More Manna From Heaven for Britain's Lucky Builders
Property prices are falling in London for the first time since the financial crisis. That's welcome after years of bubble-like valuations, even if the reason for the slowdown -- Britain's potentially messy exit from the EU -- is no cause to celebrate. Across the country, house prices are starting to moderate, narrowing the gap at last with feeble wage growth.
But Theresa May thinks more must be done. Or at least she's desperate to counter the youth appeal of Labour party leader Jeremy Corbyn. The Prime Minister wants to chuck another 10 billion pounds ($13.3 billion) at the property market by topping up "Help to Buy", a loan-subsidy program designed to help young people afford their first home.
If history is a guide, the scheme will prop up demand, support prices and fatten house-builder profits. Will there be a huge burst of new home-building? Probably not. The share prices of Barratt Developments Plc, Persimmon Plc and Crest Nicholson Holdings Plc rose by about 3 percent, as investors bet on even more "super-normal" returns in a distorted market, to borrow Shore Capital's description.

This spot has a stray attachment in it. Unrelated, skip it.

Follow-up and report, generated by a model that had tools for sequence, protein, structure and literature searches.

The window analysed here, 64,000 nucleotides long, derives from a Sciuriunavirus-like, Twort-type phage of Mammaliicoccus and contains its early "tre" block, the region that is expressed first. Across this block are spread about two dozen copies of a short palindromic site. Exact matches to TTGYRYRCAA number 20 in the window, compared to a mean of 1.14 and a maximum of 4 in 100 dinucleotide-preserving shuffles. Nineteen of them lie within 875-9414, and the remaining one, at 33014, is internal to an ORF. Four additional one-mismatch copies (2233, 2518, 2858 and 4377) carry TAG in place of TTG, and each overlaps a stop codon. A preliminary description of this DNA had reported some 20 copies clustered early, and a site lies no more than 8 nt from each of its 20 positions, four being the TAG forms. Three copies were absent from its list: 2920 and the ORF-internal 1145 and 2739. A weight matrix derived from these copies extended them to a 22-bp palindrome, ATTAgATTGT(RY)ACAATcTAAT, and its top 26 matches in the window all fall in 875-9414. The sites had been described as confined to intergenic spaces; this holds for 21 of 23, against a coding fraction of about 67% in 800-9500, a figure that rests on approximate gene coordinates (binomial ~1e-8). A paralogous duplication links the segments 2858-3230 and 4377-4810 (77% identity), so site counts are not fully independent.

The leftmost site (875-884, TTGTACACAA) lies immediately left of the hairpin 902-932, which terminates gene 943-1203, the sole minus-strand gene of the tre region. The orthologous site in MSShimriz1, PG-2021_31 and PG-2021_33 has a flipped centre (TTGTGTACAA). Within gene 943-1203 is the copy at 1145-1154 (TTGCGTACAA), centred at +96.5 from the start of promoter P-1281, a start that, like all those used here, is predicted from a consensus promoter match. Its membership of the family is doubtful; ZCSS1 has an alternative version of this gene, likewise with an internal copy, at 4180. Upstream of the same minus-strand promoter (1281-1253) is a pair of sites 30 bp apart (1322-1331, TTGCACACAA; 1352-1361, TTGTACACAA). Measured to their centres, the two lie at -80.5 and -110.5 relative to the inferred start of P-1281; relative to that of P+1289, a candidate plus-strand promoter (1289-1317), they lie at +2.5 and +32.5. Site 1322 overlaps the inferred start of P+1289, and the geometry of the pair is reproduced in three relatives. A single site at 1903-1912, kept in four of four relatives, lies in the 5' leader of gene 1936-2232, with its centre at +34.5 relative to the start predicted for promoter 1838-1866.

What the scheme's extension won't do is help make British property overall more affordable. That politically driven 10 billion pounds looks like a waste.
The cure for the U.K. housing market is more supply, not more demand. It's true that Help to Buy's introduction in 2013 and a market rebound gave developers the incentive to build more, with new starts in 2016 at their highest since the crisis. Yet since 1970, construction has fallen while prices have risen, according to Dr. Christian Hilber, of the London School of Economics. Help To Buy isn't doing much to close this gap.
Fixing under-supply isn't easy. Some point the finger at planning constraints, arguing there's a need to reform land policy such as the protected Green Belt around London. Others blame house-building companies with little incentive to eat into their own profit margins by flooding the market with new supply.
Reforms take time, and might be unpopular with older property-owning voters who love high house prices and green space around cities. Simply taxing house-builders that don't build fast enough might be a little clumsy.
Some would argue that any measures to boost demand, however wonky, should be welcomed in the current environment. A market correction would see builders retrench, jobs suffer and consumers less able to spend. If Brexit turns out to be worse than expected for the U.K. economy, though, it's hard to imagine the people who need Help To Buy the most -- those struggling for a 5 percent down-payment on a house -- will be spared.
The hard-hat crowd and their lucky investors will be far better insulated.
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